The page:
Liverton works, with the spray bars in the right-foreground, this was actually part of the Liverton ironstone mine. Graham Suggett asked: “My grandfather worked at the Liverton Mines pit until it closed, he was winding engine foreman. He lived at Graham Street (note my given name). He kept ducks on the reservoir. Presumably the reservoir fed the spray bars. Please, what were the spray bars used for?” Simon Chapman advised: ”The water spray in the reservoir did two things: it was the exhaust steam from the engines so it was condensed back to water which also warmed up the water in the reservoir before it was pumped into the boilers. This was part of an extensive modernisation scheme at the mine about 1903 to make the place more efficient” Graham also added: “How ingenious and energy conscious those miners were. My grandfather, Harry Brown, operated the hoist until the mine closed and he retired.”

Image courtesy of the Pem Holliday Collection and others; also thanks to Graham Suggett and to Simon Chapman for the updates.

Brick Wheel – Skinningrove Iron & Steel Works

Taken in 1933 this shows the brick wheel and the work force on the steel works. Robert Proctor told the Archive: “The purpose was to make bricks from molten blast furnace slag , many of these bricks can be found in most back alleys, they are grey with siliceous blue bands running through. It consisted of a number of moulds arranged on the outside of a wheel supported from the top by tie rods , which looked like spokes. These moulds had to be filled from a slag ladle and once set were released from the mould by dropping a door , the bricks were then put into an oven to cool down slowly so as to avoid any fractures, a type of heat treatment.” Eric Johnson supplied the following brief description of brickmaking: ”The slag was brought from the furnaces in slag ladles adapted with a tap hole. a chute was placed between this and led down to the wheel moulds. The making of slag bricks was a very labour intensive operation; once started was continuous hard, hot work. The wheel was a steel circular construction, with the steel moulds round the perimeter with a hinged bottom held with a catch. This can be all be seen in the photograph, the wheel was driven by a geared electric motor with hand operated backup. As the slag ran down the chute into the moulds, the wheel rotated, the filled moulds cooled down and at a point near the kilns, the catch was struck the hinged bottom opened the hot brick fell to the ground. It was picked up with the large “gripes”. some of the men can be seen holding in photo, carried to the kilns and stacked inside, when full the kiln was closed. as the kiln was already hot from the previous batch the working conditions for the men can be imagined.”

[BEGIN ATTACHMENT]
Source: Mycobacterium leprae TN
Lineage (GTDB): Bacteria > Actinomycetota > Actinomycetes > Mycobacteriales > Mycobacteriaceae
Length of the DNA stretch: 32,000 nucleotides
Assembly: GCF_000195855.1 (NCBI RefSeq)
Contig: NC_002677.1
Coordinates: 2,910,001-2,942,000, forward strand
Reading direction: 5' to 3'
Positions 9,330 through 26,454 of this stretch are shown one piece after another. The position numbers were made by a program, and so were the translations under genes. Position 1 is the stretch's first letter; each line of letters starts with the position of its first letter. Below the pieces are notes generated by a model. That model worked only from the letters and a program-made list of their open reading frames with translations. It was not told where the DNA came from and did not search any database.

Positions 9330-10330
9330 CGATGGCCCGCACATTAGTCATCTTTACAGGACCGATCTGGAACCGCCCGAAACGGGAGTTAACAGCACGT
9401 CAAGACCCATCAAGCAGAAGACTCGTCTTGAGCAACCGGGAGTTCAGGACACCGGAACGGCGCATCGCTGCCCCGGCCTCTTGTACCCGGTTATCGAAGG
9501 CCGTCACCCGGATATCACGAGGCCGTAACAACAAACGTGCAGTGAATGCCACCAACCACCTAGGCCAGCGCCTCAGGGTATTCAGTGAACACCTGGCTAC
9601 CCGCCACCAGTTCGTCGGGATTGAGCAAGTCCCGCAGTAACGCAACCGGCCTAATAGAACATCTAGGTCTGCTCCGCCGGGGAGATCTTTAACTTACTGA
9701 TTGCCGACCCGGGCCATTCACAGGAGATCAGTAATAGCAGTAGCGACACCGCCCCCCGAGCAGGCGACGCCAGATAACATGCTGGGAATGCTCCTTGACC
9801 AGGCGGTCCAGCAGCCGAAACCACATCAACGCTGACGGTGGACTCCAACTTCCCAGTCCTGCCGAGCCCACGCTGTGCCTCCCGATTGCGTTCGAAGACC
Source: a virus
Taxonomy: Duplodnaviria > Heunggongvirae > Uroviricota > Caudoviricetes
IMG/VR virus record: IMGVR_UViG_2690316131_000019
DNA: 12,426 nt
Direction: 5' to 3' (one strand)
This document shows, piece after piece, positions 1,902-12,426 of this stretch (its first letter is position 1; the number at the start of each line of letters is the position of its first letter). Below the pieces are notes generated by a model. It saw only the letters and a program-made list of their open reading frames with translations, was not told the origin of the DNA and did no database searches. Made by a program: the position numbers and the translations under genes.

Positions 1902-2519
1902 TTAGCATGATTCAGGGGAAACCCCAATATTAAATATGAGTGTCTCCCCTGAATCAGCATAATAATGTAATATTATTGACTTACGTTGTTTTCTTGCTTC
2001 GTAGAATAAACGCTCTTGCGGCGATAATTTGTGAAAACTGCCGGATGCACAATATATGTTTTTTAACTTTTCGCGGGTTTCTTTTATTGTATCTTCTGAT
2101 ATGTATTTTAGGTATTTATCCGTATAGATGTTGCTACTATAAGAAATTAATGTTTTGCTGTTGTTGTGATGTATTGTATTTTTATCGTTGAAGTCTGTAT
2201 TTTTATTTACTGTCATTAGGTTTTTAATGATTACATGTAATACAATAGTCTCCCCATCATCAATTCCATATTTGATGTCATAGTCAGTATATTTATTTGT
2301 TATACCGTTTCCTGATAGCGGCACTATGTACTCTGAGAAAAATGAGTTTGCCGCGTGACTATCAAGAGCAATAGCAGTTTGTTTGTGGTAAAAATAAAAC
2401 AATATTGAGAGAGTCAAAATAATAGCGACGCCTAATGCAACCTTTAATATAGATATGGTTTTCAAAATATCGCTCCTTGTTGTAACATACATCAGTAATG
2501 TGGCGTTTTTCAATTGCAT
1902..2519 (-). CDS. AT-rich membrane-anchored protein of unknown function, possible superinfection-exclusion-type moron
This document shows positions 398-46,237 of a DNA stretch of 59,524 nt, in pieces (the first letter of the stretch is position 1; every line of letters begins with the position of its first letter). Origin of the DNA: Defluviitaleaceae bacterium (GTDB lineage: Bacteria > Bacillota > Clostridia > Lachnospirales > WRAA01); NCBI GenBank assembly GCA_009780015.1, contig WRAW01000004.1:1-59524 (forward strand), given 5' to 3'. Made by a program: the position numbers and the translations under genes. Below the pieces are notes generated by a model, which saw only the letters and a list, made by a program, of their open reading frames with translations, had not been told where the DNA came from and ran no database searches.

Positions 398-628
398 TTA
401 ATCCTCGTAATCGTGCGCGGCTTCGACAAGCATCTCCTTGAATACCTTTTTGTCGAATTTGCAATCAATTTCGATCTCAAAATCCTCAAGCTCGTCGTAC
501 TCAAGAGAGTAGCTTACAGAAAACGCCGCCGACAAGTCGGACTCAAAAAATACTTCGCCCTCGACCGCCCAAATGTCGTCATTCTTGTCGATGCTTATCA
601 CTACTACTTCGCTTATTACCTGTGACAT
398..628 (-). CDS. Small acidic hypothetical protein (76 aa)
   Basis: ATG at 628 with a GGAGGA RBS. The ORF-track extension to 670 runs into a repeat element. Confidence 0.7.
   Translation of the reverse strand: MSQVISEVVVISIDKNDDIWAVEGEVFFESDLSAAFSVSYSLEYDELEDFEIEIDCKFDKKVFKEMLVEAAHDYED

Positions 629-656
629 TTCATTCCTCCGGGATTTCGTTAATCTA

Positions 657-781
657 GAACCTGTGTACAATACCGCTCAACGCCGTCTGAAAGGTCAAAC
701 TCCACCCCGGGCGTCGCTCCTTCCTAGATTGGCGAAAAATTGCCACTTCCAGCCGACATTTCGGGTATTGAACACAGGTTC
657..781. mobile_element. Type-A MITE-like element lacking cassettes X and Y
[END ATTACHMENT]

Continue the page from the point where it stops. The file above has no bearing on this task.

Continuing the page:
Second man front right is Harry Dack from Carlin How; does anyone know any more of the men here?

Image courtesy of Derick Pearson and others; thanks to Robert Proctor and Eric Johnson for the updates.

Aerial View Steel Works

Taken in the 1950’s the Skinningrove iron and steel works were at full production and covered a large area. The four large chimneys are the exhaust chimneys for the furnaces on the melting shop; on the cliff edge can be seen No. 5 Blast Furnace.

Stripping Moulds from 4.75 Ton Ingots

Stripping moulds from 4.75 ton ingots of steel, in a place appropriately called the Stripping Sheds. The numbers on the moulds provided traceability to the cast from which the steel was made (probably the pot too). From here the ingots went to the Soaking Pits to be kept at an even temperature ready for Cogging.

Thanks to Eric Johnson for supplementary information.